Cindy Arnold feeds the spider monkeys Tuesday afternoon at the Hillcrest Zoo. Arnold raised one of the zoo’s spider monkeys after his mother abandoned him at birth. (CNJ staff photos: Andy DeLisle)
By Marlena Hartz: CNJ staff writer
The rules of the zoo are smashed by Cindy Arnold.
She presses her face against the metal cage, slips her fingers through the bars, and Binky, a spider monkey, leans forward to kiss her.
This kind of behavior is permissible only because Arnold is a retired zookeeper and Binky is her baby.
She raised the spider monkey until he was 13 months old, carrying him in a pouch at home and at Hillcrest Zoo, where she used to work.
“He went with me everywhere. He slept with me. He ate with me. He showered with me,” Arnold said.
On April 12, Binky turns 4.
The male monkey is housed in an enclosure at Hillcrest with three other spider monkeys, all females, all raised in the homes of Hillcrest zookeepers because their mothers abandoned them at birth.
“The parents had absolutely no clue how to raise them,” said Arnold’s husband, Herschel, who still works at Hillcrest.
When Binky was born, his mother threw him to the ground, where he landed on his face. His sister, Jasmine, was also left to die. Zookeepers had to intervene, they said.
Hillcrest zookeeper Mark Yannotti, who raised Jasmine with his wife, Kathy, explained: For primates, nurturing is learned. The mothers of the Hillcrest monkeys were acquired from a private party. Zookeepers suspect they were separated from their mothers too early.
The parents were sold to another zoo about five months ago.
The babies formed their own troupe, and Binky, with his harem of three, had begun to challenge his father, zookeepers said.
Recently, Binky was given a vasectomy because zookeepers feared if the new troupe reproduced they would also reject their offspring.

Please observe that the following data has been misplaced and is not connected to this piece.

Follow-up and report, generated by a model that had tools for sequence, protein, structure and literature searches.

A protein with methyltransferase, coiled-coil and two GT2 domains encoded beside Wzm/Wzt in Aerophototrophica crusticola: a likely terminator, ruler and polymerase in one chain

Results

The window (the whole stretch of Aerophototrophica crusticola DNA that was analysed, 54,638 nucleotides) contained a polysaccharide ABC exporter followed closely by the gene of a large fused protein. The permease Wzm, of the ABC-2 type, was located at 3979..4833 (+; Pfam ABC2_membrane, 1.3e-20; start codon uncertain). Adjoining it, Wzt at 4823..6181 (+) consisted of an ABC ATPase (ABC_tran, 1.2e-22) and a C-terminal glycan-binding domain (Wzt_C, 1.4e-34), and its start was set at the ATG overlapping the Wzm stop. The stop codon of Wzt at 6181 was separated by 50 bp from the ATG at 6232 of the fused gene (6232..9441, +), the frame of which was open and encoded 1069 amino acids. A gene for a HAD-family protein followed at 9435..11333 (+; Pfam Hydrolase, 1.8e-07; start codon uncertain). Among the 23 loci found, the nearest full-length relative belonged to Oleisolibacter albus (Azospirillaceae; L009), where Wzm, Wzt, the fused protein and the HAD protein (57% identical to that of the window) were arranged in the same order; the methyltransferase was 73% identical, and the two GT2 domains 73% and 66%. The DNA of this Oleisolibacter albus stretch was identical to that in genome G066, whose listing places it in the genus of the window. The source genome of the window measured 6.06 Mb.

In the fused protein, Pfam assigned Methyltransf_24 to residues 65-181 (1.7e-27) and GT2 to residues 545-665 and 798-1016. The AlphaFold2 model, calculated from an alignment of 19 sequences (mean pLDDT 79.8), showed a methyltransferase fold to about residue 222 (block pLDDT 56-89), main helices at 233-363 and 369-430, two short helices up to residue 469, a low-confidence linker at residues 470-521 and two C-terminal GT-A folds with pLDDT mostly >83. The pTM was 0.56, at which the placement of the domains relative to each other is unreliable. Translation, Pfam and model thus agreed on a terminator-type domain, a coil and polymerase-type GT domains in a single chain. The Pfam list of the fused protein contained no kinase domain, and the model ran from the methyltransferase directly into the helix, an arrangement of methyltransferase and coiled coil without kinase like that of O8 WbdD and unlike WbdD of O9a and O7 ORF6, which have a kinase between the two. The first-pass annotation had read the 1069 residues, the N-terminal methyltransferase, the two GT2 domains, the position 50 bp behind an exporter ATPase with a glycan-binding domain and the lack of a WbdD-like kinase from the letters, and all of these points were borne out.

Raised like humans in homes with bottles, diapers, cribs, snuggles and hugs, the monkeys were forced by zookeepers to form a bond with each other, rather than continue the one they had developed with their human parents.
Weaning Binky from her home, where he inspected cabinets and swung across furniture, and returning him to a cage broke Cindy Arnold’s heart. The separation was difficult for Binky, too, who cried constantly and reached for his surrogate mother each time she walked away.
“It was the hardest thing I ever had to do,” said hazel-eyed Arnold.
Time has dimmed, but not erased, the bond.
“They still know each and every parent. They don’t ever forget their family,” said Arnold, who visits Binky daily.
Today, as she stands close by Binky, he jets a hairy arm through the bars and tugs, hard, at her sandal with four extraterrestrial-long fingers.
“He’ll hug me and then he goes back to his girls,” Arnold said. “He knows mama’s not far.
“They (the monkeys) don’t need us anymore, which is good. That’s what we wanted,” she said, an arm woven through their cage.
• Can live into their 30s.
• Are native to South America.
• Can fit into the palm of a human hand at birth.
• Have thumbless hands.
• Weigh from 13 to 25 pounds, but have the strength of a 200-pound man.
• Eat peanut butter and jelly sandwiches, bananas, fruits, vegetables and some meat at Hillcrest Zoo.
• Tend to stay inside their heated shelter and curl up under blankets at night during winters at Hillcrest.
Source: Hillcrest zookeepers